4. There are no magic words you have to use to request a reasonable accommodation. Simply present, in writing or orally, that you need an adjustment or change in the application process or at work for a reason related to a medical condition.
  5. There is no statute of limitations on when you can request a reasonable accommodation. If, for example, you have been able to perform the essential functions of your job for several months, or for several years, without an accommodation but now you require one as a result of your disability or impairment, it is within your legal right to ask for one. You may also request a change in or addition to an accommodation you are already receiving. It is wise to note, however, that it is better to request a reasonable accommodation before your job performance suffers.

A reasonable accommodation can include: written materials in accessible format such as large print, Braille or on disk; extra time to complete a test if you have difficulty concentrating or a learning disability; modified equipment and devices such as a one-handed keyboard if you are missing an arm or a hand, or a glare guard for your computer screen if you have TBI; physical modifications to your work space such as a change to desk or shelf heights to accommodate a wheelchair; flexible or alternate work schedules such as part-time work, telework and leave for treatment, recuperation or training related to your disability; the assignment of a mentor or job coach; and the modification of supervisory methods.

The EEOC has also created a Guide for Employers that outlines how employers can provide reasonable accommodations and how they can prevent disability-based discrimination. Employers are required under law to provide reasonable accommodations as long as they do not create an “undue hardship,” which is defined as significant difficulty or expense to the employer.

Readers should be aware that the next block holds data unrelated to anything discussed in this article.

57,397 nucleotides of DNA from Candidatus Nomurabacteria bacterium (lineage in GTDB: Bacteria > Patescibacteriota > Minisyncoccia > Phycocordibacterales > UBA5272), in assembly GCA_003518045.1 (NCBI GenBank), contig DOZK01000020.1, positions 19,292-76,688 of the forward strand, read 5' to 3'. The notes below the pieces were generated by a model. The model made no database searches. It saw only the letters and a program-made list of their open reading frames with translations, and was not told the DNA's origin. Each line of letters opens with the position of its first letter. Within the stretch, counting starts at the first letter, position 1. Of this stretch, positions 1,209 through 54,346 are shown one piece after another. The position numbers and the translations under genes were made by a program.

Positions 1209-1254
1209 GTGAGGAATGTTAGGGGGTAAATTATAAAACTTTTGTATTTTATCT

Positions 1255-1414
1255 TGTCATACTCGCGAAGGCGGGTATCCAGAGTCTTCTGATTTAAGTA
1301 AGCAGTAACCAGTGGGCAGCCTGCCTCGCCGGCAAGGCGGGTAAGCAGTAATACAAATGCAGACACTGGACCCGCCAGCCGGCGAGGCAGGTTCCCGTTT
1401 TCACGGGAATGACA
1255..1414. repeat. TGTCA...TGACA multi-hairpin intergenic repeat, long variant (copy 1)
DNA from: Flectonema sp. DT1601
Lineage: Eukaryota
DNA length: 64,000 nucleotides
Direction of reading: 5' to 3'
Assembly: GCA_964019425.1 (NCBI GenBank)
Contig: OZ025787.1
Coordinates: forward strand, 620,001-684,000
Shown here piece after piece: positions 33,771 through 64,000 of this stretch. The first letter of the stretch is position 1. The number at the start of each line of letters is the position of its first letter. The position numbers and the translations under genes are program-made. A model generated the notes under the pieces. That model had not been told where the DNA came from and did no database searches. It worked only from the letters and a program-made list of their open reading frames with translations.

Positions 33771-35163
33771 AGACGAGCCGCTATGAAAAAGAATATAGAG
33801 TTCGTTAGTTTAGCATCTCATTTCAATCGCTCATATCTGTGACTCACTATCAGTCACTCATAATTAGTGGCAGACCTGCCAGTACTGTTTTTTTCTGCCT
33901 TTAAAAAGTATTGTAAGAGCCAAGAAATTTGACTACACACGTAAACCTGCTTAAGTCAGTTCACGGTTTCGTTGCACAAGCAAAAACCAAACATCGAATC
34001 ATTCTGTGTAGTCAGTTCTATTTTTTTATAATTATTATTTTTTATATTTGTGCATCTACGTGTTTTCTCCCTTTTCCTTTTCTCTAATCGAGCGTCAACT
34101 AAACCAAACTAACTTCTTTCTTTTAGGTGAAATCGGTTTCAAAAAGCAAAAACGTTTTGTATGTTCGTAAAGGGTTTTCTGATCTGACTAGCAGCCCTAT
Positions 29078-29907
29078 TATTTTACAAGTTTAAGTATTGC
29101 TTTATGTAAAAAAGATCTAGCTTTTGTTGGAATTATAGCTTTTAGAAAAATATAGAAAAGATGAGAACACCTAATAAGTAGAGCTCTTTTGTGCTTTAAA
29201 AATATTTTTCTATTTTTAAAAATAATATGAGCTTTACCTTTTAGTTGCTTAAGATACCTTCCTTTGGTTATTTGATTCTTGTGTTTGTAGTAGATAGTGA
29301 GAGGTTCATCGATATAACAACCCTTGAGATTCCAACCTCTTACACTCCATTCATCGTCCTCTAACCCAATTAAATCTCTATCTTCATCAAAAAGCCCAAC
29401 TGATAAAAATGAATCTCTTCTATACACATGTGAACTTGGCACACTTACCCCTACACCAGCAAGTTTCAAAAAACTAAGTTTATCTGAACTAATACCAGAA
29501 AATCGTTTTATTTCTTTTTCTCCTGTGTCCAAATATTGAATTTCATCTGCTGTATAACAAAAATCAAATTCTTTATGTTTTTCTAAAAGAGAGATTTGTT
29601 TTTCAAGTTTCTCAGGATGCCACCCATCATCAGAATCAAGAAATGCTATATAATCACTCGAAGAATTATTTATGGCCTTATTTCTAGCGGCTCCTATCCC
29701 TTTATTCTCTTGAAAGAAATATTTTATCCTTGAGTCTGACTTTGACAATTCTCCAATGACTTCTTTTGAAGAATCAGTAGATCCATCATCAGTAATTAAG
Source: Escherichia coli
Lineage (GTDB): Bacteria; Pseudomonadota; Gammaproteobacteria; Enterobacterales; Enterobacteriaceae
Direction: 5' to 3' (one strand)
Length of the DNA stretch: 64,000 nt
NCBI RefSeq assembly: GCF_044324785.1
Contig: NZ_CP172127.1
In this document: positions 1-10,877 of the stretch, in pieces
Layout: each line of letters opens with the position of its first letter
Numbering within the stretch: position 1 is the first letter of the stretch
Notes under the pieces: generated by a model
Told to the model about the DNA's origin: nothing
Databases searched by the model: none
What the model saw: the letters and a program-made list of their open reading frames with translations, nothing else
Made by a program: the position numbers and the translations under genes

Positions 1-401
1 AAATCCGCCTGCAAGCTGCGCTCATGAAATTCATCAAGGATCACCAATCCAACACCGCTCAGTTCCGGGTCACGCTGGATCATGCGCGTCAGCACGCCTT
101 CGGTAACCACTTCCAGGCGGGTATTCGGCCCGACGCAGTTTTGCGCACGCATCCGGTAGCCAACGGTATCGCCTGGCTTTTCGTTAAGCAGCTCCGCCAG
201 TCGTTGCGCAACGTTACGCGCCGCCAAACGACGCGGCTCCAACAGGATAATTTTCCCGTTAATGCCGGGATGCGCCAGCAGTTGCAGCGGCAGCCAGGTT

During the employment conference bootcamp session, representatives from the EEOC did take care to stipulate that, while there are overarching rules and laws, many circumstances must be taken on a case-by-case basis, as there are exceptions to every rule. For example, while a disabled veteran coming to work with a service animal would be a reasonable accommodation in most workplaces, in a laboratory or medical environment with strict cleanliness and sterility requirements, a service animal could represent an undue hardship. Wounded warriors and disabled veterans are encouraged to contact the EEOC if they have a question about their specific circumstance, or if they would like to file a charge of discrimination.

The EEOC representatives also clarified that it is not illegal for applications to ask you to indicate whether you are a “disabled veteran” as long as it is clearly stated on the application that the information is being used as part of the employer’s affirmative action program, that providing the information is voluntary, that failure to provide the information will not subject you to adverse treatment, and that the information will be kept confidential and used only in a way that complies with the ADA.

Being aware of your rights and protections as a wounded warrior or disabled veteran will empower you in your search for employment, and will help you succeed in whatever career opportunity you choose. For more information about your rights under the ADA, you may also visit the U.S. Equal Employment Opportunity Commission website, contact the EEOC directly, search for the EEOC office nearest to you, or review a list of frequently asked questions.

Frances Johnson is a Strategic Communications Analyst in the Office Of Wounded Warrior Care and Transition Policy at the Department of Defense